Software license audits are up!
Already in 2020, several software vendors devised their own medicine to fight the crisis. However their medicine came with side effects. The Register reported in “Apologies for the wait, we’re overwhelmed. Yes, this is the hospital. You need to what?! Do a software license audit?” some of their practices with existing healthcare customers:
“According to research from the IT Asset Management Forum, vendors have sought an uptick in revenue via audits of hospitals. In the study, 46% of organizations said they had experienced an increase in audit requests during the pandemic.”
If you are unfamiliar with the underlying intent and economic cycle of ‘audits’, the ITAM Forum provides an explanation:
“Audits are a common route for software publishers to increase revenue. So this behavior may be unsurprising during a recession as vendors face their own financial challenges. However, interrogating customers for even more money during their struggles in an international health and economic crisis does not demonstrate a spirit of partnership. Nor does it align with most vendors’ messaging to promote the overall good of our communities.”
Indeed, we do remember those exceptionally generous, extended free trial periods. These were created by the same vendors to keep your “Teams up and running“. That however, was the narrative in the early days of the crisis.
The usual suspects
The article in The Register reveals the culprits: Oracle, Microsoft, SAP, IBM. The usual suspects. Once again, these statistics underline the persistence of their business model and culture. Because no longer audits are about comparing the number of licenses used versus bought. To illustrate this: already more than a decade ago Gartner started a thriving consulting practice: “How to deal with the big four?“. They packaged part of their advice in an interactive workshop format. It should not come as a surprise that audits are the ‘popular’ item on the workshop agenda. Because they provide the participants an opportunity to clear their throats and to join in a lively discussion with their fellow sufferers.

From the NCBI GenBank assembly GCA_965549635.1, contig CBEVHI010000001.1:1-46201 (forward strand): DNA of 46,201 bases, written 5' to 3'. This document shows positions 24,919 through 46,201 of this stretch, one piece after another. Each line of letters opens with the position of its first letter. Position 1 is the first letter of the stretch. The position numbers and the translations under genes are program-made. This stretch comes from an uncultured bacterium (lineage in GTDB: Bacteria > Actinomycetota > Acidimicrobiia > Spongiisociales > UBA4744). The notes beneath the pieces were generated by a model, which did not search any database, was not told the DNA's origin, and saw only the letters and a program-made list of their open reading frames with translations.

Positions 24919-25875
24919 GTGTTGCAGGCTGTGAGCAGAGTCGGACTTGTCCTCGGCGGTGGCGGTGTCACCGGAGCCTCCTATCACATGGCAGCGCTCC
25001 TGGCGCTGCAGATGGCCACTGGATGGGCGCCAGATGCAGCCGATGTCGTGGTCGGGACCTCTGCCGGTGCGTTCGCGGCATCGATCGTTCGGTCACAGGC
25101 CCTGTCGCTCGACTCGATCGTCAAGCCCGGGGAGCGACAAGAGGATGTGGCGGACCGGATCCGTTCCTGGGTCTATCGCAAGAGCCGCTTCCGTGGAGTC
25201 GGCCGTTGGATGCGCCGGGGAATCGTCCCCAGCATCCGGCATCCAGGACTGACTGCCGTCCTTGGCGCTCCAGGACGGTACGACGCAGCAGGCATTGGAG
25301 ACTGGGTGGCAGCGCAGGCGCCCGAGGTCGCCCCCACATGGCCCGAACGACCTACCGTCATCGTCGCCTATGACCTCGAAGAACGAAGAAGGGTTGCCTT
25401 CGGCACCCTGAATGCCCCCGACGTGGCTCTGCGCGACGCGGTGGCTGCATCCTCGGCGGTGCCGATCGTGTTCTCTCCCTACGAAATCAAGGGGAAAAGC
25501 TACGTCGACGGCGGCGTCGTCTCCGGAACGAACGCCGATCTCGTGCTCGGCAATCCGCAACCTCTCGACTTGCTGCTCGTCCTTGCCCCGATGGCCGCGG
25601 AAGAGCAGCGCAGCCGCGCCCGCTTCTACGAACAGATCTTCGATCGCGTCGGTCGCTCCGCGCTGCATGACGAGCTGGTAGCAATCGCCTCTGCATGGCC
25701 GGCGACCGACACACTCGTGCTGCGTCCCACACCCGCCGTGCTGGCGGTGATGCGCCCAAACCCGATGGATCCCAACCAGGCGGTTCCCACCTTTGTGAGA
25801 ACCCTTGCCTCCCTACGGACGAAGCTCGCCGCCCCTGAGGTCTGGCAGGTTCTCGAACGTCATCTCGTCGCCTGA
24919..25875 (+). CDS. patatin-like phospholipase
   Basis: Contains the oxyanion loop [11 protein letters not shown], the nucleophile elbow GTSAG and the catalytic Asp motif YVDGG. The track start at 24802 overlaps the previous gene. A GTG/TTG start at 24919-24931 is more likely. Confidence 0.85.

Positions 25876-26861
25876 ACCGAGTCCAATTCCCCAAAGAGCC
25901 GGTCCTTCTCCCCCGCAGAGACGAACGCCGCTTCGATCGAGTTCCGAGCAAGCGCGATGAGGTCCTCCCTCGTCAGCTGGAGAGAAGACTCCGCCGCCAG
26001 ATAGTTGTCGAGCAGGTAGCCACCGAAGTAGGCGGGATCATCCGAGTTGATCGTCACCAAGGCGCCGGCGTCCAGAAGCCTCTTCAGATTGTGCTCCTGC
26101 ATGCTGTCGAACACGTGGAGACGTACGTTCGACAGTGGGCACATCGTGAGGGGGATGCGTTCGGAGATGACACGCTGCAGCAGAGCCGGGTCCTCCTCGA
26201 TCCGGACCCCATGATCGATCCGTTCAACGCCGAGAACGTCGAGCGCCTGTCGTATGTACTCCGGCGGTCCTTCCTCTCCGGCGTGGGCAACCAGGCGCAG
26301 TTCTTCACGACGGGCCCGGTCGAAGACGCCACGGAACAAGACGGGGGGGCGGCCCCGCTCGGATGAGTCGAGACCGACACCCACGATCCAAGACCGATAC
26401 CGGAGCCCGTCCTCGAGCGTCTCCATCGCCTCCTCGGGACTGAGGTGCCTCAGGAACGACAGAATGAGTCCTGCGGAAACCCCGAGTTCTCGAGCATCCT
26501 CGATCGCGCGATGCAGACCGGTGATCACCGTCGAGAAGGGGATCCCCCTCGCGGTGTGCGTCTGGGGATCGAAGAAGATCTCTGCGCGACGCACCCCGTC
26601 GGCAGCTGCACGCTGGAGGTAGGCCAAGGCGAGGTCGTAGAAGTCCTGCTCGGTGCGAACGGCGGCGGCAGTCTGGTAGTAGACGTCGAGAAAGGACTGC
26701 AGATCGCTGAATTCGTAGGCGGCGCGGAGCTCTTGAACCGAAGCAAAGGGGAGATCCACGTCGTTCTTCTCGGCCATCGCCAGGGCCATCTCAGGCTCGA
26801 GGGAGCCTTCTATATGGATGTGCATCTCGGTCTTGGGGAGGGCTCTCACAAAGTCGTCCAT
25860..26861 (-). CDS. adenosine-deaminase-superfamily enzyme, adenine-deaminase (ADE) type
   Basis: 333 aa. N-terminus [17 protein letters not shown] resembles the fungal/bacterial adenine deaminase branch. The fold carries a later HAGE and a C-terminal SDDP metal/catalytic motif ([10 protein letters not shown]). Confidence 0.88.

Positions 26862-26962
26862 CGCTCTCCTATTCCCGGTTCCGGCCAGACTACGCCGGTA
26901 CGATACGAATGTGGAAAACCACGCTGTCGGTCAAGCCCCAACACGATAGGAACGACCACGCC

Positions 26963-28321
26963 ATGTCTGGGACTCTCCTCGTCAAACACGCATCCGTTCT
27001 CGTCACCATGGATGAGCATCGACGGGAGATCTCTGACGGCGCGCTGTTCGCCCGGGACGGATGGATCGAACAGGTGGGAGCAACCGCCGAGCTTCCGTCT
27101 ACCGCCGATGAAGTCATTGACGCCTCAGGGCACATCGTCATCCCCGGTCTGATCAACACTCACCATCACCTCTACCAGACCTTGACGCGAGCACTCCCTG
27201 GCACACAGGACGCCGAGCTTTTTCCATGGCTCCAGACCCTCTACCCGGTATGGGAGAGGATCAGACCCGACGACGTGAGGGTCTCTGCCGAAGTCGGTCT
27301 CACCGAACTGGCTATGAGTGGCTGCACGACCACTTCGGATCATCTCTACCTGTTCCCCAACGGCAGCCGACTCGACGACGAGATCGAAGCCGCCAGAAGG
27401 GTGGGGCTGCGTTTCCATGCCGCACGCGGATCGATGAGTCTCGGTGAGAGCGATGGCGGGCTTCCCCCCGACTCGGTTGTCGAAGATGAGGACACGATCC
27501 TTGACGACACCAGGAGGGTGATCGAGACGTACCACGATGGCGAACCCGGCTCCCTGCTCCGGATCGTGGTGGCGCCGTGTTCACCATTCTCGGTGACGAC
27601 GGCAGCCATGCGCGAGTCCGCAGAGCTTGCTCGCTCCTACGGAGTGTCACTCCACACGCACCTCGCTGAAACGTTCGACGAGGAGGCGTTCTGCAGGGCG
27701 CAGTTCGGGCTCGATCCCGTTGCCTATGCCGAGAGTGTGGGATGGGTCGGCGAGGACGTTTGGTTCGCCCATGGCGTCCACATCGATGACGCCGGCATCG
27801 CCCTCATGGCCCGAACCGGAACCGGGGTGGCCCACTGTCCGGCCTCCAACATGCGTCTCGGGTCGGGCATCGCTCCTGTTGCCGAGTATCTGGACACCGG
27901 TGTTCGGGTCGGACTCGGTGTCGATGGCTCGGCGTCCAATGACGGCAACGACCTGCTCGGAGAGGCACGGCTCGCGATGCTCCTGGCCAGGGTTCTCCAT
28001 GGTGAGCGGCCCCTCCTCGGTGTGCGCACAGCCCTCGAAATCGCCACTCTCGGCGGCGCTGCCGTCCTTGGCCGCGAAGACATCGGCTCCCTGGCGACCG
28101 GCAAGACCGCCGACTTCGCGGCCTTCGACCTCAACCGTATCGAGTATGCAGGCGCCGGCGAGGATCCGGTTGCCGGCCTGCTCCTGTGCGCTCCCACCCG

So, what can we expect going forward? Again, the ITAM Forum explains:
“Software publishers are stepping up recruitment into their license management and audit teams for 2021. The repercussions of the pandemic slowly filter through the economy and to publishers’ sales numbers and share prices. Therefore everyone should anticipate more desperate behavior from certain publishers.”
Culture eats cloud for breakfast
Leopards never change their spots. Expectations that the pay-per-use characteristics of their cloud offerings will wash away their spots, will prove illusory. Rather the opposite, according to independent Microsoft-research firm Directions On Microsoft: “Moving to Microsoft’s cloud doesn’t eliminate compliance worries. It enforces them“.
But why; Microsoft’s sales numbers and share price are not suffering!? Nor is anyone expecting this to happen. Nonetheless, this conclusion makes perfect sense. The license based business models are extremely addictive. Simply because they are incredibly favorable to everyone involved. To the sales staff, channel partners, the executives and to the investors. Already, there are signs that the cloud is inspiring the design of new ‘fish traps’. Not long ago The Economist asked around and found some significant lines. You can read about these in our blog post about Microsoft’s punitive policies for its cloud.
It is feasible to avoid these side effects
Fortunately, there is an alternative. When you shift to the cloud, this is also the appropriate moment to consider how you can avoid such costly side effects in the future. After all, this transition is the time for making new architectural choices. It is the best moment to take into account the vendor’s ‘DNA’ that you are likely to find in its cloud offering (again). Moreover, you should dig deep enough to obtain a detailed understanding how you can avoid new aggressive license tactics. For certain vendors they are part of cloud service bundles, terms and dependencies already.
helpt onze klanten maximaal te profiteren van de kansen die een cloud transitie heeft te bieden. Met een achtergrond als management consultant en 12 jaar ervaring als CIO bij een grote internationale organisatie, kan hij een brug slaan tussen de bedrijfsstrategie en grootschalige technologische veranderingen.